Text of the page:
Under GST, movement of goods worth above Rs 50,000 beyond 10 kilometres requires the supplier/transporter to generate an e-way bill number on the GSTN portal and carry it or its virtual form during the course of transit and present it to tax inspectors on demand.
A fear that the revenue from the goods and services tax (GST) might continue to decline unless the tax authorities get an efficient handle to verify the tax liabilities of businesses has prompted the government to advance the implementation of the electronic way (e-way) bill mechanism to February from April. However, industry and trade, along with a section of analysts, stress that the “cumbersome” system could lead to supply chain bottlenecks and undermine the economic utility of the new tax. Businesses, especially the smaller ones and transporters, are finding it difficult to comply with the e-way bill system, while the GST Network’s ability to provide reliable platform to operate the system is also doubtful. Under GST, movement of goods worth above Rs 50,000 beyond 10 kilometres requires the supplier/transporter to generate an e-way bill number on the GSTN portal and carry it or its virtual form during the course of transit and present it to tax inspectors on demand.
“The biggest hurdle in implementing e-way bill is the (lack of) reliability of the IT network (GSTN). Businesses and transporters need to log in on the portal to generate the bill but the system is yet to stabilise as is evident from the fact that it still takes multiple attempts to log in,” said Praveen Khandelwal, secretary general of the Confederation of All India Traders (CAIT). He added that the GST advisory committee had suggested an alternative to the e-way bill in the form of quick response (QR) code, which could be printed on each invoice of every trader. The validity of the transactions can then be authenticated by by scanning the code on the invoice. The code will protect traders from harassment since it will be self-generated and businesses’ access to GSTN portal won’t be a must, he said. Khandelwal, who was part of the advisory committee, expressed the hope that the GST Council would consider the suggestion in its next full-fledged meeting in January. QR codes are a combination of black and white squares containing information which can be read by a scanner. Several banks are already using QR code for digital payment transactions. Batting for a simpler alternative to the e-way bill, Pratik Jain of PwC India said that if its implementation was not done properly, it could lead to significant supply chain bottlenecks.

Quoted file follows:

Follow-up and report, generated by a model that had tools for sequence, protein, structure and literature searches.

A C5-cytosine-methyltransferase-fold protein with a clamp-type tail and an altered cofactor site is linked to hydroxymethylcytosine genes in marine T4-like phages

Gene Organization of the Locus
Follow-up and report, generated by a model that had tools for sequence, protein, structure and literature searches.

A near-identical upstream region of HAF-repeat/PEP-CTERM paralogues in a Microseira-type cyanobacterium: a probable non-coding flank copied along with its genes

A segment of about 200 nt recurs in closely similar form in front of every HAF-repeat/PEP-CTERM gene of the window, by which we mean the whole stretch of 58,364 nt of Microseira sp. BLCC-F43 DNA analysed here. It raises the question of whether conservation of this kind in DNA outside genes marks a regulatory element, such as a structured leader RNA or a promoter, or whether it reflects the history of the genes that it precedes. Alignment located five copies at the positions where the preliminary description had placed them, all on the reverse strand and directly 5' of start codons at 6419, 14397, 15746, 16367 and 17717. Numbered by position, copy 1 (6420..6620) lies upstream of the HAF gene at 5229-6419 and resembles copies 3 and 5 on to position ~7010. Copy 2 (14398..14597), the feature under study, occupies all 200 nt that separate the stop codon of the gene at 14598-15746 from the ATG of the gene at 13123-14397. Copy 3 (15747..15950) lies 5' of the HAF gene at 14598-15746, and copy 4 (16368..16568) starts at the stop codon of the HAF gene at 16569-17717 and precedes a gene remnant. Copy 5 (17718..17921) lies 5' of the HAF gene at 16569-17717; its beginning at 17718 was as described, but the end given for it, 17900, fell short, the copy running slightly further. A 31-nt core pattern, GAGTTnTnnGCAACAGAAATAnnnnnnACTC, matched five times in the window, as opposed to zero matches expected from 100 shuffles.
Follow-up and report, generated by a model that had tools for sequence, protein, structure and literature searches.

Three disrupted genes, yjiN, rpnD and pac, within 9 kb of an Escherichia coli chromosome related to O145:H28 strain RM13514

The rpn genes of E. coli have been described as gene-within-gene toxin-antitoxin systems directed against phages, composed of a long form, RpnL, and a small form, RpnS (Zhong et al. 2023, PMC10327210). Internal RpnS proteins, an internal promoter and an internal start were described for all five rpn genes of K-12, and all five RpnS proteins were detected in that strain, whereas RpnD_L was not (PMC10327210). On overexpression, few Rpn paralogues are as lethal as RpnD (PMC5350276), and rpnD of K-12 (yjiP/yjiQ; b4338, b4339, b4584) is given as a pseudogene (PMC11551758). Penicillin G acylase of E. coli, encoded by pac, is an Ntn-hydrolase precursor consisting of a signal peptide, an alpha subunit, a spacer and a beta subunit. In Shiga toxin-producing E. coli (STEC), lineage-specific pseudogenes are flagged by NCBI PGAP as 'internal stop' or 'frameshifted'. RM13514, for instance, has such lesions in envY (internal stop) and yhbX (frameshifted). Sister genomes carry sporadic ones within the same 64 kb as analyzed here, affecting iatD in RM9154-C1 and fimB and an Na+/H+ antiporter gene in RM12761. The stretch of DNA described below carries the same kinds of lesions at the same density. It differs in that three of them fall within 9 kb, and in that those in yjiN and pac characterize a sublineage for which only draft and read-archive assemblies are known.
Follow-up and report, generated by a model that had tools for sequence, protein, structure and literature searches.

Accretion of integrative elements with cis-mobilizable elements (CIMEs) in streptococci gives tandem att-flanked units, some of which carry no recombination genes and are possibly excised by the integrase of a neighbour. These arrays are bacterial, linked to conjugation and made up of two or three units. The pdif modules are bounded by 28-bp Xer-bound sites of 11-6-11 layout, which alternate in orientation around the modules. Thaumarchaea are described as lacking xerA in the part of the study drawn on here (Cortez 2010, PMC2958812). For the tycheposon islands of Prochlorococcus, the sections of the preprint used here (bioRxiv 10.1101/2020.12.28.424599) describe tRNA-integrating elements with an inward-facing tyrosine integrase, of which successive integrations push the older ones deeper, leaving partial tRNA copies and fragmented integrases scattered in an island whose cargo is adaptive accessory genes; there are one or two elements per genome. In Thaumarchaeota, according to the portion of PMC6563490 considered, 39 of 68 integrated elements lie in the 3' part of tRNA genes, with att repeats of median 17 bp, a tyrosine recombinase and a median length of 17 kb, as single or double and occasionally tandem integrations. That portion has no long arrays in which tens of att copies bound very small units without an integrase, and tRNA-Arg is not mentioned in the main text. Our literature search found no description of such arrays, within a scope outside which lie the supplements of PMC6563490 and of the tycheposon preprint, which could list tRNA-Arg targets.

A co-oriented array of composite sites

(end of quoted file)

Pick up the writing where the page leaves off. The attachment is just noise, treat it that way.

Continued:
The GST Council’s decision came on the back of declining GST collections — October revenue slumped nearly 12% to Rs 83,000 crore from the average collection of the preceding three months. Moreover, tax officials estimate that November revenue collection could be even lower due to unusually high input tax credits including transitional ones claimed by taxpayers and presumed tax evasion due to the absence of invoice-matching after compulsory compliance with comprehensive returns was deferred.
That the GST Council was looking to plug revenue leakages came to the fore when last week when Bihar deputy chief minister Sushil Kumar Modi claimed that his state may have lost nearly Rs 10,000 crore in the absence of a system to verify movement of goods across state borders in the four months since GST was rolled out. This was, however, countered by Jagannath Singh, an official of the Bihar Transport Association, who said that Modi’s assumption of tax evasion was not based on facts. He added that the e-way bill system would encourage harassment and create a monopoly of big transporters at the cost of small ones. “The concerns over revenue leakages in GST could also have been addressed by bringing the e-way bill provisions for certain classes of sensitive goods initially. Businesses hope that there will be no technology issues in generating e-way bills and the system will be adequately tested before it is launched. A testing window of two weeks appears to be very small,” said MS Mani, senior director, Deloitte.